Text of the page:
Moscow-based instrumental funk outfit The Diasonics — Anton Moskvin (drums), Maxim Brusov (bass guitar), Anton Katyrin (percussions), Daniil Lutsenko (guitar) and Kamil Gzizov (keys) — formed back in 2019 and in a relatively short period of time, the Russian quintet quickly amassed a cult following while honing what they’ve dubbed “hussar funk,” a blend of hip-hop rhythms, 60s and 70s psychedelia, Eastern European flavor within cinematic arrangements
Since their formation, The Diasonics have released ten highly celebrated singles and various in-demand 45 vinyl records through funk labels like Funk Night Records and Mocambo Records. Their highly-anticipated full-length debut, Origins of Forms is slated for a January 28, 2022 release through Italian funk and soul purveyors Record Kicks.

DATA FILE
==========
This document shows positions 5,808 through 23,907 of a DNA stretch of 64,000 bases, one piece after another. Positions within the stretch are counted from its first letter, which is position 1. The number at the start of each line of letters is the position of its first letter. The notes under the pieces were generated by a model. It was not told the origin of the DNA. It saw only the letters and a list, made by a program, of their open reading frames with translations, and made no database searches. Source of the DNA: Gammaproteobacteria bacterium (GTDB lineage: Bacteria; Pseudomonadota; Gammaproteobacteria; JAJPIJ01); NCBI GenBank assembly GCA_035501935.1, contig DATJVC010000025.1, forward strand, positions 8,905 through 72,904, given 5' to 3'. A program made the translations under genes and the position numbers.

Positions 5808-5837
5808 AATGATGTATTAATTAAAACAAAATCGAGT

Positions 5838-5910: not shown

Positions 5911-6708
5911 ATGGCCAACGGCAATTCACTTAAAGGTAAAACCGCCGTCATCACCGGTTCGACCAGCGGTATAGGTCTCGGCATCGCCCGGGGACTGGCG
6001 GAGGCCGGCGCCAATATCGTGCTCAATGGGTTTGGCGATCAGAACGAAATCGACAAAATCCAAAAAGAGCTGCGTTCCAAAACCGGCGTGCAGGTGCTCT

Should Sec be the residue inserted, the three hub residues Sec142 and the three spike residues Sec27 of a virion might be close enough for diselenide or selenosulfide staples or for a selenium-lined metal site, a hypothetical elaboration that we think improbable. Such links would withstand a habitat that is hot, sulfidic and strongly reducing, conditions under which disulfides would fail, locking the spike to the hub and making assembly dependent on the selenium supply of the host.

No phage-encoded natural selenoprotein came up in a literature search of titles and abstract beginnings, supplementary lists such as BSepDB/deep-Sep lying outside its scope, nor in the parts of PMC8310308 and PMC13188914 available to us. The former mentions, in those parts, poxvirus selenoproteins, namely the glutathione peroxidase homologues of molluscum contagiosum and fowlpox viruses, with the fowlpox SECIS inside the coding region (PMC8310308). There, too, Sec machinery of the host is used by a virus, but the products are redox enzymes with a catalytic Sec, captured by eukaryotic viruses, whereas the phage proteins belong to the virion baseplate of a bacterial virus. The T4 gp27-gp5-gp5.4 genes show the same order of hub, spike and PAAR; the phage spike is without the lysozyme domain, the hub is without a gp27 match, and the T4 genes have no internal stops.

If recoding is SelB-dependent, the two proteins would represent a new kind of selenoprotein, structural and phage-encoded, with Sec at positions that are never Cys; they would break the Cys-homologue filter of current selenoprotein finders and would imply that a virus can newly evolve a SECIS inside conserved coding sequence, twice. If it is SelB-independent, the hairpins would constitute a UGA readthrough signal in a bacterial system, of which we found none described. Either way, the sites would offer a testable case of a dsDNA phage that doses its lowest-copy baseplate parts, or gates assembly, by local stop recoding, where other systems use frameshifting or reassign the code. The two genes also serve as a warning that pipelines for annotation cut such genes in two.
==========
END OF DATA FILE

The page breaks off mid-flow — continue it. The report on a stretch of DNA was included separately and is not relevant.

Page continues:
Recorded on an Otari MX-5050 MK III at Moscow’s Magnetone Studio and mixed by The Cactus Channel‘s and Karate Boogaloo‘s Henry Jenkins in Melbourne, the album’s overall aesthetic is firmly rooted in the early 60s and 70s. Last month, I wrote about “Gurami,” Origins of Forms‘ first single, slow-burning and soulful strut, centered around shimmering, wah wah pedaled guitar that’s a mash up of Turkish psych, boom bap breakbeats, organ jazz and trippy grooves. The end result, a song that sounded as though it could have been part of the soundtrack of a Sergio Leone Spaghetti Western or an deep instrumental soul obscurity sampled by the RZA and then later played by El Michels Affair.
“Andromeda,” Origin of Forms‘ second and latest single features boom bap breakbeats, looping guitar lines, cosmic grooves, congo drum and shimmering organ in an expansive composition that mashes prog rock, jazz fusion, Turkish psych and komische musik. Sonically, “Andromeda” reminds me of Mildlife and L’Eclair — with a subtle Western tinge.